by Eric Martin
Given my oft-stated concern about what a potential post-Qaddafi period will look like (would there be purges/an insurgency, would it require a peacekeeping/nation building mission, overseen by which groups/nations, etc.), these paragraphs from a recent New York Times piece on the conflict in Libya stood out:
...Britain’s foreign secretary, William Hague, returning from a brief visit to the rebel headquarters in the eastern Libyan city of Benghazi, hinted at concern in Western capitals about what might come after the toppling of Colonel Qaddafi. Mr. Hague said he had pressed the rebel leaders to make early progress on a more detailed plan for a post-Qaddafi government that would include sharing power with some of Colonel Qaddafi’s loyalists.
In particular, Mr. Hague said, the rebels should learn from Iraq’s experience, in which a mass purge of former Saddam Hussein loyalists occurred under the American-backed program of “de-Baathification,” and shun any similar undertaking. The reference was to a policy that many analysts believe helped to propel years of insurgency in Iraq by stripping tens of thousands of officials of jobs.[...]
He said Britain was encouraging them “to put more flesh on their proposed transition — to lay out in more detail this coming week what would happen on the day that Qaddafi went, who would be running what, how would a new government be formed in Tripoli?” Pressing the point about Qaddafi loyalists, he said the Benghazi leaders were “learning” from Iraq. “No de-Baathification!” he said, before adding, “They now need to publicize that more effectively, to be able to convince members of the current regime that that is something that would work.”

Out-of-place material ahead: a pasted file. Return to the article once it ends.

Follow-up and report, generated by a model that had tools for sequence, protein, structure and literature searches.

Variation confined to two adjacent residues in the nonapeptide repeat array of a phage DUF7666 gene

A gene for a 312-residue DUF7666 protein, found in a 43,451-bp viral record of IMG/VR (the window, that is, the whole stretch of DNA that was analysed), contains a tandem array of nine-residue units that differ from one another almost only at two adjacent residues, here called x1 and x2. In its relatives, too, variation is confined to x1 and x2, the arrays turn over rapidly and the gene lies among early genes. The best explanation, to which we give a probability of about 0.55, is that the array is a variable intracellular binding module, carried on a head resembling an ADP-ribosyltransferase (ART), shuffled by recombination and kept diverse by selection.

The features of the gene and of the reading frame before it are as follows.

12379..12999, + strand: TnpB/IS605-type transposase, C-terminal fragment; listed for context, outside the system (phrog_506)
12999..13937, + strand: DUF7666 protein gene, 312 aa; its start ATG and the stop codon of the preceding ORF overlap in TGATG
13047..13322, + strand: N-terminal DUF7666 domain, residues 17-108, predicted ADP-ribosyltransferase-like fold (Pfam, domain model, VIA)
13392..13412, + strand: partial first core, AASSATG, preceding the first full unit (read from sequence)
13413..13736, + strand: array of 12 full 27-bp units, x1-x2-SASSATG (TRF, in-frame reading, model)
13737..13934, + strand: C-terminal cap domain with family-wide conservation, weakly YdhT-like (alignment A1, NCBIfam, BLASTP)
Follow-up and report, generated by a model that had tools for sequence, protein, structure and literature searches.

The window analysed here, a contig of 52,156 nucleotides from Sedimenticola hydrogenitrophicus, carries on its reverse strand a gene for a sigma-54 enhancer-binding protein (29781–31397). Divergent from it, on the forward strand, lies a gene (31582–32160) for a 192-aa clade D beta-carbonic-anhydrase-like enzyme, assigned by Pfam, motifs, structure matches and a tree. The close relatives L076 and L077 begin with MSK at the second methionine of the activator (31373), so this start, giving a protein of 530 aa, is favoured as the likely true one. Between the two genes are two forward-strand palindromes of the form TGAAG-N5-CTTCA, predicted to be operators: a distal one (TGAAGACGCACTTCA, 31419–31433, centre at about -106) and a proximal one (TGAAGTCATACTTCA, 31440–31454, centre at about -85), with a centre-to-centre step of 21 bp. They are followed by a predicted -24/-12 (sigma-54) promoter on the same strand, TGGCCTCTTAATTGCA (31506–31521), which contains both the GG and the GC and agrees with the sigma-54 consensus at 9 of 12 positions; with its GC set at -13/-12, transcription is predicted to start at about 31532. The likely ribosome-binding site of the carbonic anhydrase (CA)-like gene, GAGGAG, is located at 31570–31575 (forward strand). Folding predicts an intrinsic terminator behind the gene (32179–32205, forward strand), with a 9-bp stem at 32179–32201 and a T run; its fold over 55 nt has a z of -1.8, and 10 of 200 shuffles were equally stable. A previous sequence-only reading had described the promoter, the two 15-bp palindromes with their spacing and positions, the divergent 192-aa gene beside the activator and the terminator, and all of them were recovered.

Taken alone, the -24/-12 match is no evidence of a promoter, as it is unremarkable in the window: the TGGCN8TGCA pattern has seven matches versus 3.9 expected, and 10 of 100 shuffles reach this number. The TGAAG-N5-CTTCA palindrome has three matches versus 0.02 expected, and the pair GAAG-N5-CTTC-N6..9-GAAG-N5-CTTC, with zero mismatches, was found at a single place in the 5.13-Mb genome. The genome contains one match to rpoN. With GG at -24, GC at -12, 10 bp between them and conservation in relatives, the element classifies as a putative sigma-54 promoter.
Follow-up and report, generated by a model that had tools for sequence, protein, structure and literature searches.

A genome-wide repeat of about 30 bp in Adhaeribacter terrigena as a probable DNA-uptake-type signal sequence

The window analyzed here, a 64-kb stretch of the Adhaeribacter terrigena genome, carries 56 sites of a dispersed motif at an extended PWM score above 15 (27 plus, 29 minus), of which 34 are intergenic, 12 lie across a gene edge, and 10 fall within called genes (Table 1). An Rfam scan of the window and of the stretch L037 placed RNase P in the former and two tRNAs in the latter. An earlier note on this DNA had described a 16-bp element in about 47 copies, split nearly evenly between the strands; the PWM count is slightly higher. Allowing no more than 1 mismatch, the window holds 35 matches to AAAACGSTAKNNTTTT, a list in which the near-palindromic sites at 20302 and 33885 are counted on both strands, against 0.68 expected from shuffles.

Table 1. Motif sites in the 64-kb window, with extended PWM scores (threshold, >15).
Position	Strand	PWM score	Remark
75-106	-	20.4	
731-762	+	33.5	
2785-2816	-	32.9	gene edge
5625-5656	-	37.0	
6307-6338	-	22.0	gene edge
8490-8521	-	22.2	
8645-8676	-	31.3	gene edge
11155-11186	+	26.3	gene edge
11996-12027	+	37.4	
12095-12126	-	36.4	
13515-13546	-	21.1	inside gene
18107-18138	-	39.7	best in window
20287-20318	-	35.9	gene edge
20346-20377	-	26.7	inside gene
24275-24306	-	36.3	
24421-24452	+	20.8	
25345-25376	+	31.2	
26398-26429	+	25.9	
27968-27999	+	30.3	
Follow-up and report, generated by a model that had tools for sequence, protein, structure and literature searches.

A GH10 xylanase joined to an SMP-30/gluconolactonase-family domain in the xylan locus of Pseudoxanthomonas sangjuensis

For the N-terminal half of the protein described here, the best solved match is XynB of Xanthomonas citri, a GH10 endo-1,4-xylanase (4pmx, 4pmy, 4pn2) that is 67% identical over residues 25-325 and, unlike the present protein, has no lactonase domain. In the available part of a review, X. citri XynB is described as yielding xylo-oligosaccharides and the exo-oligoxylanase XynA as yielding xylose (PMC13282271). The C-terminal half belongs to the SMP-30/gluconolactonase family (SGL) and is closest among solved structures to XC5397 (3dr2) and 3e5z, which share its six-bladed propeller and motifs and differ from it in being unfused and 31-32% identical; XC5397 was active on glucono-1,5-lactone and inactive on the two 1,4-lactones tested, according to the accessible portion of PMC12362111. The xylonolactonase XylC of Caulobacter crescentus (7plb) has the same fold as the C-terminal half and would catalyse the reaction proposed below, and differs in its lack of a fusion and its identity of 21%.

While it is encouraging to see Hague making these entreaties, it would have been nice had there been a clearer vision of post-Qaddafi Libya prior to commiting military assets to the cause of toppling him. Further, it is not only the rebel groups that should be fleshing out their plans for the post-Qaddafi era: NATO and other regional/multilateral organizations need to come up with their own proposals for which groups/nations will fill which roles during any transition period.
It is also worth noting the lack of leverage that NATO has should the rebels fail to make the progress needed in terms of fleshing out a plan, or, for one reason or another, failing to implement the established way forward. As the United States can attest - pointing to recent experiences with our putative allies in Iraq and Afghanistan - even lavish amounts of aid, military support and boots on the ground cannot compel local actors to embrace forbearance, forgiveness or respect for human rights.
Ultimately, local factions will place their own grievances, imperatives and interests ahead of the norms and pleas of outside powers - even where those outside powers are their sole and necessary benefactors.
If rebel groups opt to take actions that create or exacerbate insurgencies and other internal conflicts, NATO (or whatever group/nations lead the transition period) will have little choice but to buckle up and go along for the ride. Which would prove extremely costly and time consuming - if not unfamiliar.
(Photo credit: Mohammed Salem/Reuters)
(cross-posted to Democracy Arsenal)